7 Ways To Stop Your Child’s Perseveration

Smiling young Hispanic mom and small ethnic daughter relax on sofa in living room have fun play together.

  • Perseveration is usually associated with specific neurological disorders like ADHD, traumatic brain injuries, or autism. 
  • Children with perseveration tend to get stuck on questions or behaviors and keep repeating themselves after it’s necessary. 
  • A child with perseverating behavior may have difficulty adapting to new social situations or be unable to switch tasks easily. 

Does your child tend to ask the same question repeatedly or lack specific social skills you notice in other children? While it’s normal for children to be curious, perseveration goes one step further, leading them to a repetitive state. 

Perseveration is an inability to get away from a specific topic or idea, like getting stuck on the same question. Children with preservation behavior don’t do it to be stubborn or defiant; instead, they likely have a neurological or psychological condition leading to the behavior. 

Perseveration has the potential to lead to disruptive behavior; however, with the proper support and treatment, you can help manage your child’s condition and improve their quality of life. 

1. Identify Triggers

Overjoyed little preschool child girl lying under blanket with young mommy, asking questions about story heroes.

One of the best ways to stop your child’s perseveration is to identify, discuss, and observe specific triggers. I firmly believe in letting your child be who they are; however, perseveration can lead to undesirable behavior, affecting them long-term. 

When you understand what causes specific behavior, you can help stop it before it significantly affects your child. For example, if you know your child gets overwhelmed in crowded places, talk to them beforehand about the environment you’ll be in, especially if it leads to repetition. (A child may ask questions repeatedly about where you are or who you are with). 

While they may still struggle, each conversation you have with your child can help them overcome a specific challenge they generally face. It’s also a great idea to keep a journal or log to track triggers over time to understand better what triggers your child’s behavior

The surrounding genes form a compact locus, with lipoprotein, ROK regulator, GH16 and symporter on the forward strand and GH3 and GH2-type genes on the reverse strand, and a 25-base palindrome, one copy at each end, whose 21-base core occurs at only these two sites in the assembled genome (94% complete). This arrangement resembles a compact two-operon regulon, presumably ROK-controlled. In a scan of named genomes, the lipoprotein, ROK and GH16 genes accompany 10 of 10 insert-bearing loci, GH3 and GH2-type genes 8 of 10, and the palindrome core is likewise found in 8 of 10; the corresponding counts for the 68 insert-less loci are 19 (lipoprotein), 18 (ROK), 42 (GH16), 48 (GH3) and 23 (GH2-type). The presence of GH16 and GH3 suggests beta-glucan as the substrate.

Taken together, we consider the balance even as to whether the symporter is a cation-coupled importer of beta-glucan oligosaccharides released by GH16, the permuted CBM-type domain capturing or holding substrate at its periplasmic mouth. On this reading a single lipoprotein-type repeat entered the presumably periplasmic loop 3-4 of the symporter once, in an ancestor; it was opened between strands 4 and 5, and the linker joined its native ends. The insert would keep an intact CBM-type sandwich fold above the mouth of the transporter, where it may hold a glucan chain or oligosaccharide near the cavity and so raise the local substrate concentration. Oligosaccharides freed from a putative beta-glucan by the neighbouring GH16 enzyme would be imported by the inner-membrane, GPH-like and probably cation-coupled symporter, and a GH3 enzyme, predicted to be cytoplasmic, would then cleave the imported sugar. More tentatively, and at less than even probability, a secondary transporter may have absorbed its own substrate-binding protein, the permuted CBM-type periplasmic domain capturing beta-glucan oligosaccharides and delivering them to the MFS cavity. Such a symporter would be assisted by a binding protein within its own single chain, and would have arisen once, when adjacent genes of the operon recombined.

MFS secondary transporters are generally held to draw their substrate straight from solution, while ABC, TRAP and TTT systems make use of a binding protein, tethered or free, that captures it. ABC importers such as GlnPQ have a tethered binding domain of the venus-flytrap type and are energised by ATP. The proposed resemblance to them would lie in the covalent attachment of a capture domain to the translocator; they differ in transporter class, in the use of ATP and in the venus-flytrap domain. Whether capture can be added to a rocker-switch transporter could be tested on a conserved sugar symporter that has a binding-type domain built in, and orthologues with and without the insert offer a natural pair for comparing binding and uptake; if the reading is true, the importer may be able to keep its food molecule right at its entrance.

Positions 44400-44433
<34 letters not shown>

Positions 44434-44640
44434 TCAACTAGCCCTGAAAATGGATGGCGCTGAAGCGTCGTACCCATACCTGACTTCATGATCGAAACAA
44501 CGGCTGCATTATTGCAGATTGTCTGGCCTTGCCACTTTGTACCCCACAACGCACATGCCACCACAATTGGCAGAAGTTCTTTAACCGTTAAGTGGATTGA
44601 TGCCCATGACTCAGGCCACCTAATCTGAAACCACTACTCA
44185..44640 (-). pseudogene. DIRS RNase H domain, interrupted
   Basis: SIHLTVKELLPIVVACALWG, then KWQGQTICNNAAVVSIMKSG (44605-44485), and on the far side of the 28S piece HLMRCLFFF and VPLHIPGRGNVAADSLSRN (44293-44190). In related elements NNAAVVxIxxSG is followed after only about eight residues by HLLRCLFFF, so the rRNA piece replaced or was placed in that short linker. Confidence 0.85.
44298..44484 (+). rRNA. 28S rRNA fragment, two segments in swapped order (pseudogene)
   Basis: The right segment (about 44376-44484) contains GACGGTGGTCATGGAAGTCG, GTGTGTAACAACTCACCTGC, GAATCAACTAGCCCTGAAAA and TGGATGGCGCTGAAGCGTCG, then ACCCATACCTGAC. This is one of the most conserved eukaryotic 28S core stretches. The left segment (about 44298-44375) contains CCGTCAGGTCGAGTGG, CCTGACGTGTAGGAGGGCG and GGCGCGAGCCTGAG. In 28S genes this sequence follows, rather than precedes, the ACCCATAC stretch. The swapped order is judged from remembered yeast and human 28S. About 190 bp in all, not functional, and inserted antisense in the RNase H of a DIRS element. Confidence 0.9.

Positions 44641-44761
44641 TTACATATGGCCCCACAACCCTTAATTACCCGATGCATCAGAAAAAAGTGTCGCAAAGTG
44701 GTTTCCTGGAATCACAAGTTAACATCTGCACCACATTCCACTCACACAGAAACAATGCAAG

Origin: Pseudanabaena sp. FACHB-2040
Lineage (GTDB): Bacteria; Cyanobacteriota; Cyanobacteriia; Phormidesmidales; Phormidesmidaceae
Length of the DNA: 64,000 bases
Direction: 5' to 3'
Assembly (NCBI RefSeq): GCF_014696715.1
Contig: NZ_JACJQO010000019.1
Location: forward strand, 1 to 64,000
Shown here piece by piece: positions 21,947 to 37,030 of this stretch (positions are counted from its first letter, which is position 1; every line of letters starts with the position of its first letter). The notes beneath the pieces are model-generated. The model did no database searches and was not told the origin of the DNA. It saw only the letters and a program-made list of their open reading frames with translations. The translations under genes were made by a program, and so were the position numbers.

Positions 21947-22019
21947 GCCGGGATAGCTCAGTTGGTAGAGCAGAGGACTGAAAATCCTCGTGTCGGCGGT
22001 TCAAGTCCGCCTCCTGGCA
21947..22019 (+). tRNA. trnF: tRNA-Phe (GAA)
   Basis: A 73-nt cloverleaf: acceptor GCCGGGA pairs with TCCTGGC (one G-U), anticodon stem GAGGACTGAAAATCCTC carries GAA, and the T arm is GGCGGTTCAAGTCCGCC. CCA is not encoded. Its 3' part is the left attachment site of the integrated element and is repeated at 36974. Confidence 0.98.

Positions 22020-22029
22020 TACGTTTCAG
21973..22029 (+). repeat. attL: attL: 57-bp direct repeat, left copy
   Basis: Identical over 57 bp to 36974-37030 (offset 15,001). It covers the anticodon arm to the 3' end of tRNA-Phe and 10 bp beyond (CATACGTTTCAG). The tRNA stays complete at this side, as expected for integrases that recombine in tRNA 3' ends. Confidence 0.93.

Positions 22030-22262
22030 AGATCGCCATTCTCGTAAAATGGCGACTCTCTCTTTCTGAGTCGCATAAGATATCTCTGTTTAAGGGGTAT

2. Create a Structured Environment and Implement Time Limits

Little girl putting to do list on fridge in kitchen.

A predictable routine can make all the difference for a child with perseveration, and you may see a shift in how they respond to certain situations. If your child gets stuck on everyday tasks because they aren’t consistent, consider creating a visual schedule and hanging it on the refrigerator. 

Examples of structured schedules and environments include:

  • Sensory-friendly spaces (i.e., weighted blankets, fidget toys, etc.)
  • Structured learning environments 
  • Transition supports (i.e., visual countdowns, transition objects, etc.)
  • Plan structured activities 
  • Visual daily schedule

When you offer a structured schedule and environment, you help provide your child with predictability and consistency. 

3. Use Visual and Verbal Cues

Happy proud female psychologist, therapist or teacher showing thumbs up paper card to little child.

Consider using visual schedules or timers to help manage transitions and reduce perseverative behavior. For example, draw a picture or post a graphic reminder for your child that they can refer to and feel satisfied with the answer they want. 

If your child struggles with leaving an activity or place, use simple, clear verbal cues to signal an end to what you are doing. In addition, it’s always a good idea to give your child a countdown before you leave somewhere. If you plan on leaving at 3:00 pm, start giving them a countdown at 2:30 pm, so they aren’t surprised when it’s time to go. 

If your child is stuck on a subject, tell them you’ll set a timer for 10 minutes. When the timer goes off, it’s time to move on to another topic. While change won’t happen overnight, you’ll be surprised at the result if you are consistent. 

4. Teach Coping Strategies

Happy mom and peaceful little daughter kid meditating at home together.

It’s not easy dealing with repetitive and intrusive thoughts, but you can help your child as they perseverate. Remember, a simple task for you may seem challenging to your child. 

For example, if your child tends to get stuck on specific topics and is forced into repetition mode, take time to teach them coping strategies to help them handle frustration and overstimulation. 

While it won’t necessarily happen overnight, you may notice a difference in their thinking as they incorporate coping strategies into their daily routine. 

Examples of effective coping strategies include:

  • Deep breathing
  • Sensory break 
  • Using positive self-talk
  • Retreat to a safe space or sensory corner 
  • Provide sensory support 
  • Establish routines 

Sensory-seeking behavior is typical in persevering children, so offering structured sensory activities can help them when they feel overwhelmed or stuck. 

After your child exhibits perseveration behavior, talk to them about getting stuck and your perspective on the situation while it occurs. While showing empathy, you can discuss with them ideas on how to better deal with uncomfortable situations that may be causing stress or anxiety.